Available on APEX 2/APEX 2 Pro/VERTIX 2
What is HRV?
By definition, heart rate variability or HRV is a measurement of the variance between sequences of consecutive heartbeats. For example, let's say that your heart is beating at 60 beats per minute. Despite how that sounds, this does not mean that your heart is beating exactly once per second. There may be instances where there are 1.2 seconds between beats, then 0.8 seconds, 1.1 seconds, and so on. In fact, when it comes to HRV the greater the variance between individual beats of your heart, the more likely it is that your body is adequately recovered.
As accessibility to HRV measurement devices has become commonplace for many individuals, it continues to be proven time and time again that HRV is an accurate and practical measurement to evaluate the status of your autonomic nervous system (ANS). The autonomic nervous system consists of two branches, the sympathetic and parasympathetic nervous systems. The sympathetic nervous system is commonly referred to commonly as the "fight or flight" branch, while the parasympathetic is known for being the "rest and digest" branch of the autonomic nervous system. The two branches of the autonomic nervous system influence one another and vary in their overall impact on the status of your autonomic nervous system.
How is HRV Measured?
Compatible COROS watches apply the rMSSD method to get an accurate HRV measurement which is then input into our unique HRV Index algorithm to provide a personalized and easy-to-understand metric displaying the current status of your body's response to external factors.
Recording your HRV Index
To receive your HRV Index, you will do so through the HRV measurement tool. To access this tool, hold the back button to access your toolbox. From there, scroll until you see the HRV Test. This will start the HRV measurement, follow the on-screen prompts in order to record your HRV Index. During the one-minute HRV measurement, please stay seated and maintain a static, upright posture throughout the entire process, keeping both your body and watch still. Try to not speak or move if at all possible.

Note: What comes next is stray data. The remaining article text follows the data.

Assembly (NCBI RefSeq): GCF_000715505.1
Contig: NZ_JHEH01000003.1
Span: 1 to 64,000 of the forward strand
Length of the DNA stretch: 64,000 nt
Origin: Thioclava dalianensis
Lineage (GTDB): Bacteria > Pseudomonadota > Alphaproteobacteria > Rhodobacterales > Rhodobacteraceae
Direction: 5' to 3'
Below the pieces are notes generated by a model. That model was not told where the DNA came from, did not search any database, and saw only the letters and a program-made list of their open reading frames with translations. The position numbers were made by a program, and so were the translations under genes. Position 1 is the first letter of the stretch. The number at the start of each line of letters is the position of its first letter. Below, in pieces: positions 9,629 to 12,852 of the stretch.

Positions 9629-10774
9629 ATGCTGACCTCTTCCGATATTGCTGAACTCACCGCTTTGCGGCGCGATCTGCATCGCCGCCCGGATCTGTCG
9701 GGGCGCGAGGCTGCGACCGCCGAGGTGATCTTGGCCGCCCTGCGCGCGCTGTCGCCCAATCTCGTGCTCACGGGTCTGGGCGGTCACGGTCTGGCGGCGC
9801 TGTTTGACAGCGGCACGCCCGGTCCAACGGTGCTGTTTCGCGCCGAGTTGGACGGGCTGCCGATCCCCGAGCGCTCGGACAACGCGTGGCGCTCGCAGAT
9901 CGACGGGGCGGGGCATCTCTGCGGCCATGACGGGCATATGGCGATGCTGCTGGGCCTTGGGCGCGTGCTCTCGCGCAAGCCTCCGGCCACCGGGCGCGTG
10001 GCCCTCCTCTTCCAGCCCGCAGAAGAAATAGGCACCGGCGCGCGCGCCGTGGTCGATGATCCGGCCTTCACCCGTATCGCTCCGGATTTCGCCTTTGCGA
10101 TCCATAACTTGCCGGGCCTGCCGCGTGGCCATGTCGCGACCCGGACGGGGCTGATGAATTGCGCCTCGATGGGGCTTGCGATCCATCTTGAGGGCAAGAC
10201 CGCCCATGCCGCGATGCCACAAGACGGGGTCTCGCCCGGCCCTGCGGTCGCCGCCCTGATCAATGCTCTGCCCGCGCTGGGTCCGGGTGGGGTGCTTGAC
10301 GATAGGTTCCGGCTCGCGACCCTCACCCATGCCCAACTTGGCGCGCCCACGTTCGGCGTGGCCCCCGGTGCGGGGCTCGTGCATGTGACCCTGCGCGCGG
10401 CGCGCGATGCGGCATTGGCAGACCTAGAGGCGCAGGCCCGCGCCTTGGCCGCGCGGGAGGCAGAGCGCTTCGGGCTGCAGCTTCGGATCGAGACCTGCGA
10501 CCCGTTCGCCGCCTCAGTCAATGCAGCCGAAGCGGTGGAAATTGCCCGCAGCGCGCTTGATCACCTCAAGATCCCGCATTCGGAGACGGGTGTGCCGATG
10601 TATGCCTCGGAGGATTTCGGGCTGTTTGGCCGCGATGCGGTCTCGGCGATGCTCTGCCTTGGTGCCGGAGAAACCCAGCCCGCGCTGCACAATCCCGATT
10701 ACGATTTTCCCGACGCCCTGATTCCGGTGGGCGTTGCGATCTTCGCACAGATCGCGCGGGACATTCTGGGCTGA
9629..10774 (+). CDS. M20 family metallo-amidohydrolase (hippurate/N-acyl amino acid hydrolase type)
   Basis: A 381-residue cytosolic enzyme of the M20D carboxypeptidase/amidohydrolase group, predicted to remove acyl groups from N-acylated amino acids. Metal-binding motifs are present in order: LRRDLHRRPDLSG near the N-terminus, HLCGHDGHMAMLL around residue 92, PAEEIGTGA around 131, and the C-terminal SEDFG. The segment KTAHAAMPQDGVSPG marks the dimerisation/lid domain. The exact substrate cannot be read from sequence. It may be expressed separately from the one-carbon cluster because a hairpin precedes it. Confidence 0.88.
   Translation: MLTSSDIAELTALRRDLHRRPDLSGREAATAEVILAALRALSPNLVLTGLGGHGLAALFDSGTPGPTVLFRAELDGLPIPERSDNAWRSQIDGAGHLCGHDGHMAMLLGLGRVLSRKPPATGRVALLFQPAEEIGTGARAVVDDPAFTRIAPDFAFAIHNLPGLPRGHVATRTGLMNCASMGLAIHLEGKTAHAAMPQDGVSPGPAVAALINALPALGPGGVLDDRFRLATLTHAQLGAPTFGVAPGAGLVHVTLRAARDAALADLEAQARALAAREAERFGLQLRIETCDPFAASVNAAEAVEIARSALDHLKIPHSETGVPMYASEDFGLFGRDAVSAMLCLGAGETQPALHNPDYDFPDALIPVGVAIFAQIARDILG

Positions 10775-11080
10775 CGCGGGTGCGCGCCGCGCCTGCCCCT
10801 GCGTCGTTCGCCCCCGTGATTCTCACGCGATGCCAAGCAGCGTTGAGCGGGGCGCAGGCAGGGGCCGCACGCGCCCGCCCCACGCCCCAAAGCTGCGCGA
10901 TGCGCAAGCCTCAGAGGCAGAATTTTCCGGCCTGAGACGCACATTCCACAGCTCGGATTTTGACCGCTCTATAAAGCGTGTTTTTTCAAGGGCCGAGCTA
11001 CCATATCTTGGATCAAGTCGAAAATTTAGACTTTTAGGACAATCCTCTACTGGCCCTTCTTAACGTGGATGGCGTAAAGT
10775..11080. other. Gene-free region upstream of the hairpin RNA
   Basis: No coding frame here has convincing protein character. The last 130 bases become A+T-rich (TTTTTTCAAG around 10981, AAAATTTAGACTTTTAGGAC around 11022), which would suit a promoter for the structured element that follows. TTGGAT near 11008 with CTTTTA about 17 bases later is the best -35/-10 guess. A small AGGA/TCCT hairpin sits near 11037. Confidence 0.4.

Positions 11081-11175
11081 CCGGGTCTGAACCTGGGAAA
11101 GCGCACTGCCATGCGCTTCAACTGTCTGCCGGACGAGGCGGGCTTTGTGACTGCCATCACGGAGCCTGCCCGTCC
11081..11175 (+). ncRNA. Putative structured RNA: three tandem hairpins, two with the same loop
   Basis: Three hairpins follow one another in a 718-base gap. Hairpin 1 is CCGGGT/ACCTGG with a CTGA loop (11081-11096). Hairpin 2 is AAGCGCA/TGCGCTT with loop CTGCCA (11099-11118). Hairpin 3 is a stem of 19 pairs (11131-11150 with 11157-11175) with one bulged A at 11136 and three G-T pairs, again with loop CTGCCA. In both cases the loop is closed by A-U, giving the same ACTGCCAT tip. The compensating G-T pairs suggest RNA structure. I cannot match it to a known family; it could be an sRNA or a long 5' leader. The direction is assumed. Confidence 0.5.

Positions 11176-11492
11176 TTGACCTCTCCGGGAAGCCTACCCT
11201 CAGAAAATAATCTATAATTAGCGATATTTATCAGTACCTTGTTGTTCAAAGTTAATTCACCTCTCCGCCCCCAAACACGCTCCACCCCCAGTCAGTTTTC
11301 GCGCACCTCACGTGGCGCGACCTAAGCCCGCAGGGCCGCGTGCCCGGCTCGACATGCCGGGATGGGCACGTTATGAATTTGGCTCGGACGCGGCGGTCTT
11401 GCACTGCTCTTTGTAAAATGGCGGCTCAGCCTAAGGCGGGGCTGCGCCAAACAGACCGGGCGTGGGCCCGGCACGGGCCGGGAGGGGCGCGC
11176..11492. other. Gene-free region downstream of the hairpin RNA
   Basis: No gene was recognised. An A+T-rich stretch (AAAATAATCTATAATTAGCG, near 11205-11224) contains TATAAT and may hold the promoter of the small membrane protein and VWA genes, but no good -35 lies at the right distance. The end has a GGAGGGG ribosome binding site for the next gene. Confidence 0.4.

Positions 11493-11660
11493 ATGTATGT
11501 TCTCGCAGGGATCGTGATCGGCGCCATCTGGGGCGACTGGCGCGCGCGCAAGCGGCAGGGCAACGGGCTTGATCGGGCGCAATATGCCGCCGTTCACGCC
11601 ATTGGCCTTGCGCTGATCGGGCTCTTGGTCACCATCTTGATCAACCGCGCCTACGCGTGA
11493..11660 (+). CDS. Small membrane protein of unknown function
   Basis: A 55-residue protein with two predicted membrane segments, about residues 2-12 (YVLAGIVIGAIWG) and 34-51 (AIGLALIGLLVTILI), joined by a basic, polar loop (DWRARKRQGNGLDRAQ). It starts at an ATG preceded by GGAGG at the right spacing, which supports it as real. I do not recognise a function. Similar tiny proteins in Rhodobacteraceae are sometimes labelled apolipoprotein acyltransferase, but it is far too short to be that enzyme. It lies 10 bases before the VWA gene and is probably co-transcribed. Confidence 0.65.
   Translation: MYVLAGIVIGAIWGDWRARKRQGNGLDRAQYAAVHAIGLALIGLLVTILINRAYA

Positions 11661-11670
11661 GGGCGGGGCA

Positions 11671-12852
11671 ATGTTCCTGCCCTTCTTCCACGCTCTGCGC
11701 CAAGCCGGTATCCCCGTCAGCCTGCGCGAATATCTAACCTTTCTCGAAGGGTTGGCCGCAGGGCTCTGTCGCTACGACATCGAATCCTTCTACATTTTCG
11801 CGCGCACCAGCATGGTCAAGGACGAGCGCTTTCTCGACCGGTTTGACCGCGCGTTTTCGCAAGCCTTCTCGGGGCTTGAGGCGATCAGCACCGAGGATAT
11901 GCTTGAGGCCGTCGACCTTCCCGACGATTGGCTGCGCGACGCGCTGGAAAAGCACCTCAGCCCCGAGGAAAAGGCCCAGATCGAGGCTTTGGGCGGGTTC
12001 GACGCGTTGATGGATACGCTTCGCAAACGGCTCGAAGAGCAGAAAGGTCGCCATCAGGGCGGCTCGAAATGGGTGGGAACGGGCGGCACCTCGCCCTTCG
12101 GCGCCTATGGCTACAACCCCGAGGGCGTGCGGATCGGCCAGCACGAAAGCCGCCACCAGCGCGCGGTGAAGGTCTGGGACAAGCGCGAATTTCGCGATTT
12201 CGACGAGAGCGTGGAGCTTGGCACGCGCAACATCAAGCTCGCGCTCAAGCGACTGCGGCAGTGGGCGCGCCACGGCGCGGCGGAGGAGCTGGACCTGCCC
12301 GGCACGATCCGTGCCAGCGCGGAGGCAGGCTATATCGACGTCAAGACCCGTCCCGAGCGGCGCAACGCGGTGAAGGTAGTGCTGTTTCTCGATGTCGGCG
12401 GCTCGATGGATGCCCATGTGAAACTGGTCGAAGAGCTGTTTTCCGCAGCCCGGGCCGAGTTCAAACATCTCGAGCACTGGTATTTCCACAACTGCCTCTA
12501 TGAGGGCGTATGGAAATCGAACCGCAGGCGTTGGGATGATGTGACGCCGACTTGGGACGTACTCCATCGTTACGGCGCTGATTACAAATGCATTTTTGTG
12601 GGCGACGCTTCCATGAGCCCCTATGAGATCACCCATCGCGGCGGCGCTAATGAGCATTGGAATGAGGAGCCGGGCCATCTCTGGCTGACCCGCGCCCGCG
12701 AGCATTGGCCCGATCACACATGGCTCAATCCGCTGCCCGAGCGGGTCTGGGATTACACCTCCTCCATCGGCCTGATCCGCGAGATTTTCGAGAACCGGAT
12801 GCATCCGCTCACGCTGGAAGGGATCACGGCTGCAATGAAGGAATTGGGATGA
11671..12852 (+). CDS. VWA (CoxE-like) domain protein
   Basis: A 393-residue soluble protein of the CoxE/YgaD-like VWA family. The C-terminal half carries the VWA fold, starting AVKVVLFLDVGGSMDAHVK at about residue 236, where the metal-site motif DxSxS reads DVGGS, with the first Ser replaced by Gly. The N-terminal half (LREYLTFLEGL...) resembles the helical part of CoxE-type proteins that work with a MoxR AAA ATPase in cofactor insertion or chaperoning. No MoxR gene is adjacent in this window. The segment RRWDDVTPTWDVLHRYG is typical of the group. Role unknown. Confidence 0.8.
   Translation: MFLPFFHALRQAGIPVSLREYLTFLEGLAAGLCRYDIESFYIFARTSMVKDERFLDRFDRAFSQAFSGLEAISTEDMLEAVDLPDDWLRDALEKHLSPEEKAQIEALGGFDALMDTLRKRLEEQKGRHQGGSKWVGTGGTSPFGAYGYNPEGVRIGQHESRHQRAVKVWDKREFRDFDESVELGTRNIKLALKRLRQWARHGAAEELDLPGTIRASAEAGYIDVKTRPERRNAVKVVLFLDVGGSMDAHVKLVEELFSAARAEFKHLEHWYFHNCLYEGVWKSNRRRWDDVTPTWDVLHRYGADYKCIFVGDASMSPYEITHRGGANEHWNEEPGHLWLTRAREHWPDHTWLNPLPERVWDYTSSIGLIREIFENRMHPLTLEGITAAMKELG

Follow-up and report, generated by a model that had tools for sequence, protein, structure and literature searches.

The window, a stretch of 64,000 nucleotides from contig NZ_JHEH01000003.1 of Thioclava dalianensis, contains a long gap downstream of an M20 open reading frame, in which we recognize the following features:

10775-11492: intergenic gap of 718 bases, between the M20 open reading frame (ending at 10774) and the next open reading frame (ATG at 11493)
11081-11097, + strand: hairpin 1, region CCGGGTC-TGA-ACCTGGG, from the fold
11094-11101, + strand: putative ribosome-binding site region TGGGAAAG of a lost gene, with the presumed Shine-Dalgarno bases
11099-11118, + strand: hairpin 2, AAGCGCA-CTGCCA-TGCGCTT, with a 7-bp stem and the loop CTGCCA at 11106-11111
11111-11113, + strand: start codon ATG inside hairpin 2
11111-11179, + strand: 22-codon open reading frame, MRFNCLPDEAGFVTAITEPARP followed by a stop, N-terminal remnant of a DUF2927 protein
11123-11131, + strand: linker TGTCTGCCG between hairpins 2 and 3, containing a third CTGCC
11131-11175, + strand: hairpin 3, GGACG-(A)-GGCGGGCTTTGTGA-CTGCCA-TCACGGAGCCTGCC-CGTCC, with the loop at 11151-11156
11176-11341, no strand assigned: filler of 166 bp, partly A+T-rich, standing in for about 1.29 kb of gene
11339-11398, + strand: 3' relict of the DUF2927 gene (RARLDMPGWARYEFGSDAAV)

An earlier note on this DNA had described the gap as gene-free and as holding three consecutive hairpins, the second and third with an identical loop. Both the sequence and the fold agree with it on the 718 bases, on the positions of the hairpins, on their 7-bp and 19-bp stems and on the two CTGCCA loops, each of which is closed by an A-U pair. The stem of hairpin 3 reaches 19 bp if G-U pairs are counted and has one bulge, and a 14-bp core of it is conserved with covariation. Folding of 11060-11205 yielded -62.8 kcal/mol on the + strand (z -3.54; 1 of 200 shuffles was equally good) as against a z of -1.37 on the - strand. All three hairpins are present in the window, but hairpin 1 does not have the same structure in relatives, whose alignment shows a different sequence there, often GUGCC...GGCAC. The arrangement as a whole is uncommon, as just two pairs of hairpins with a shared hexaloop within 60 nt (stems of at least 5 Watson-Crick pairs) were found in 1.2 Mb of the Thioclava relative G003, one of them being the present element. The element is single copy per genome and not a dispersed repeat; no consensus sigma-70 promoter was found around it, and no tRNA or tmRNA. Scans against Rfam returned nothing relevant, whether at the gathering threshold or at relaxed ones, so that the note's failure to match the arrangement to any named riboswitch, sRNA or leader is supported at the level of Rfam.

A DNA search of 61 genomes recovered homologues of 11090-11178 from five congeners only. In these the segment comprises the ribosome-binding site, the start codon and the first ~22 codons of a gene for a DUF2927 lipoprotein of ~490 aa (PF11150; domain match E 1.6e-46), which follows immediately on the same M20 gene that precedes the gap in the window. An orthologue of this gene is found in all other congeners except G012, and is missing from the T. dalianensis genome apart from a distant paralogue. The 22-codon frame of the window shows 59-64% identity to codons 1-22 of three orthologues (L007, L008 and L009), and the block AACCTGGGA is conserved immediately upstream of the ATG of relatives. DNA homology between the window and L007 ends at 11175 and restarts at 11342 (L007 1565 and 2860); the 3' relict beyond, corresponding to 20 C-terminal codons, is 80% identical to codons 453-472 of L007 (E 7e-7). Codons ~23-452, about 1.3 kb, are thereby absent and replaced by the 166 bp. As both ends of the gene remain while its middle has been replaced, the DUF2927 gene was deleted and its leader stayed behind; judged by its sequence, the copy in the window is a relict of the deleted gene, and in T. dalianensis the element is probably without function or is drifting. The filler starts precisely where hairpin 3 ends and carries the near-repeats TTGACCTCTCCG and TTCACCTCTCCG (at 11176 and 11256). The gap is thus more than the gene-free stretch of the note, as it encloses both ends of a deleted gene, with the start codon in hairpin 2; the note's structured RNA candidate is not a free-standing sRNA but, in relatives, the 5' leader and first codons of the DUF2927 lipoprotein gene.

In addition, here are a few best practice tips to ensure the accuracy of your HRV readings.
1. We recommend taking your HRV measurement between 4:00-10:00 in the morning
2. After waking up, sit still or calmly for about 5 minutes prior to taking the measurement
3. HRV is an easily influenced metric that can be altered by anything from answering emails to eating breakfast or even brushing your teeth. Please try and avoid measuring your HRV directly after completing any similar activities to gain the most accurate measurement.
4. Try and ensure that measurements are taken at or around the same time and with the same sitting posture every day, mitigating any "bias" from external factors. This makes the trend view of your HRV Index an "apples to apples" comparison to ensure the highest degree of accuracy.
Affected by biological rhythms, HRV will fluctuate greatly throughout the day. For this reason, it's important to reiterate the HRV measurement should be taken at or near the same time every day for comparison purposes. Comparing HRV indexes taken at different times or after different activities provides little to no valuable feedback. Following the Best Practice tips for your HRV measurements is the best way to attain a valuable, practical, and accurate HRV Index score each day.